There is just over a week to go before the start of the inaugural Round Britain Challenge in association with the Daily Telegraph, which sets sail on 19 April 2003.
The eight skippers and eight mates have been taking full advantage of their last day - making final adjustments and changes - before their crews join them tomorrow evening. The near 130 Crew Volunteers - made up of men and women from all walks of life and nationalities - will be making their way to Ocean Village, Southampton from right across the country for race start week. They will be joining their yachts, which will be their home for the best part of three weeks and reunited with their crews, most having only met for the first time just two weeks ago!
The past few weeks have been a busy time for the skippers and mates, making sure their yachts and their own planning is in tip-top form for the hard and fast racing that the Round Britain Challenge will entail.
Behind the scenes there's been a hive of activity going on in and around Ocean Village for the 16 professional men and women. This week the skippers and mates attended an extensive medical lecture, with Dr Campbell Mackenzie - one of the official Challenge Business medical officers.
Jeremy Troughton, Sailing Manger for Challenge Business touched on the vast amount the skippers and mates have to know: "Safety is paramount on all the yachts and they all (skippers and mates) need to have done a Certificate of proficiency for persons in charge of medical equipment aboard a ship - a MCA (Maritime and Coastguard Agency) certificate.
"A bit of a mouthful to say but the certificate enables them to do everything from suturing (stitching wounds) to putting in drips and administering injections. Obviously the key is prevention and safe sailing but they'll certainly be in good hands if any emergency does arise, and they can always obtain advice from the medical officers, 24 hours a day.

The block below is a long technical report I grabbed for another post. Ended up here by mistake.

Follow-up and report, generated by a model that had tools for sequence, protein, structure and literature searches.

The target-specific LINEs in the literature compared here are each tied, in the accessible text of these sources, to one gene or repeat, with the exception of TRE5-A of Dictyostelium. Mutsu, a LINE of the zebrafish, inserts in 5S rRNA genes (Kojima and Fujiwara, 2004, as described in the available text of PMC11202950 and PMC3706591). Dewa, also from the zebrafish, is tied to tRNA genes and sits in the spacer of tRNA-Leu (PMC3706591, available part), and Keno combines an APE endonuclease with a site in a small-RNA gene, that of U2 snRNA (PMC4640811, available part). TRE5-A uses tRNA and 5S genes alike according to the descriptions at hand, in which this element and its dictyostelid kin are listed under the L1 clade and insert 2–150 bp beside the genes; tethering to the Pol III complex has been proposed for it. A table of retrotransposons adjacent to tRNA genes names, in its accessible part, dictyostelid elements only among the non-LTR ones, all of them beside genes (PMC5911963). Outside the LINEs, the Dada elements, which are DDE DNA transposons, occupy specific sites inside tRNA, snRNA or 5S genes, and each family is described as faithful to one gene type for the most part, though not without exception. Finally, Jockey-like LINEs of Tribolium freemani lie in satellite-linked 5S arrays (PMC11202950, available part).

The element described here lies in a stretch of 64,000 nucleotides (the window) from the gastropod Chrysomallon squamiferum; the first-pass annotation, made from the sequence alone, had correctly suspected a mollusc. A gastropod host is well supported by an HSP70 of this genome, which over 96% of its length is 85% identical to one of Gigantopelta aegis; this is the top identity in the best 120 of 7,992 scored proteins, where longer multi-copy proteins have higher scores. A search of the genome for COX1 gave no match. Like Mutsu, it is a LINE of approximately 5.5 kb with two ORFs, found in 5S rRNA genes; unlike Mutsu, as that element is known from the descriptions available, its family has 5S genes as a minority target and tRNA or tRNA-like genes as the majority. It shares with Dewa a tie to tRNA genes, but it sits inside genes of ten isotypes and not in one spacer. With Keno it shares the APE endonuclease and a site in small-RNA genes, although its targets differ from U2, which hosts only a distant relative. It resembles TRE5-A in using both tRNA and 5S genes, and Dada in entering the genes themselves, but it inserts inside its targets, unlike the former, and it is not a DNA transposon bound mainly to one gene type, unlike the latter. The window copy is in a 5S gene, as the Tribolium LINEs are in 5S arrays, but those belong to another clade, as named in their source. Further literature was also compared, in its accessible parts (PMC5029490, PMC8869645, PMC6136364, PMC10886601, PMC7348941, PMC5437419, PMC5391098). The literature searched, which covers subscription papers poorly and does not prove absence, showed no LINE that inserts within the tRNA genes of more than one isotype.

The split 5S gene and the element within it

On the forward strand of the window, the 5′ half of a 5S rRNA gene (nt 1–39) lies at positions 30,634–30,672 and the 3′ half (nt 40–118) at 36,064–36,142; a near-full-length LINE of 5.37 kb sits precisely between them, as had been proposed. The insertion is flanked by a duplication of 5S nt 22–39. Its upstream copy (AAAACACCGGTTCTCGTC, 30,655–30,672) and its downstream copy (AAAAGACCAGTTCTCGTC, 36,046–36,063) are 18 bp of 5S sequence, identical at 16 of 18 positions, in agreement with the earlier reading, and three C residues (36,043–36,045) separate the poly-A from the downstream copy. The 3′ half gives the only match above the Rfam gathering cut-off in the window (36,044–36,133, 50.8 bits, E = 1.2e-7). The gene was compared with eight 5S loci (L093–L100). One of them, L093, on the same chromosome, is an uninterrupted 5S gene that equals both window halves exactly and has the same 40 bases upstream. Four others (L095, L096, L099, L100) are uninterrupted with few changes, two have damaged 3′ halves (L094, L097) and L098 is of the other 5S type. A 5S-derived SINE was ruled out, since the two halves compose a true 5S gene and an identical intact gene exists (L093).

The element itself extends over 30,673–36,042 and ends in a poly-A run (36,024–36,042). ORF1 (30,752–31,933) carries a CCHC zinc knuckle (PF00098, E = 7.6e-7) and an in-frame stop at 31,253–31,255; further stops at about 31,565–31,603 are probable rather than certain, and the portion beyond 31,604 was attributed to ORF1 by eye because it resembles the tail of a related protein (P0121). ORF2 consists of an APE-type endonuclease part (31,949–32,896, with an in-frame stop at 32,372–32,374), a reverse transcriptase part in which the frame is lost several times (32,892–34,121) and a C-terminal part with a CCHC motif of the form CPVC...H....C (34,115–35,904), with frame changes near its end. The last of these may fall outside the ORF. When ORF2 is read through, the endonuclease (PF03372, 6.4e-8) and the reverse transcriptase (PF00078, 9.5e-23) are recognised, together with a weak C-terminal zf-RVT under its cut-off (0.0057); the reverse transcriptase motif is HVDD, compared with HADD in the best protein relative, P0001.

"The session enabled the guys to go through potential problems on board, from a medical point of view and also make sure they're up to speed with the Crisis Operations plan."
As well as the all-important medical talk and procedures the skippers and mates have also been getting used to their 15 minutes of fame and this week spent a morning being trained to handle the media. This was designed to help them get the best out of the interviews they give and feel more at home with members of the press who are coming down during next week and for the start day festivities.
A representative from World Cruising Club has also been in Ocean Village reprogramming the Sat C units, explaining: "We've been setting up the Inmarsat C terminals onboard the yachts for position report polling. Terminals send automatic reports and are also configured so the race management team can manually poll the yachts.
"At any time they can obtain positions of the yacht and also allows the website team to display the yacht on interactive mapping with a position table allowing friends, family and friends to follow the event.
"At least three regular position reports will be displayed on the web site each day with the facility of the manual poll allowing the race management to poll the yachts when close to important marks of the course, such as Muckle Flugga and when approaching the Isle of Wight at the finish."
The rest of the planning will now have to be done as a team, next week providing the opportunity for the crews to form more cohesively as a group. The eight crews are due to spend Saturday, Sunday and Monday race training before the last few days of preparation takes them up to the start day.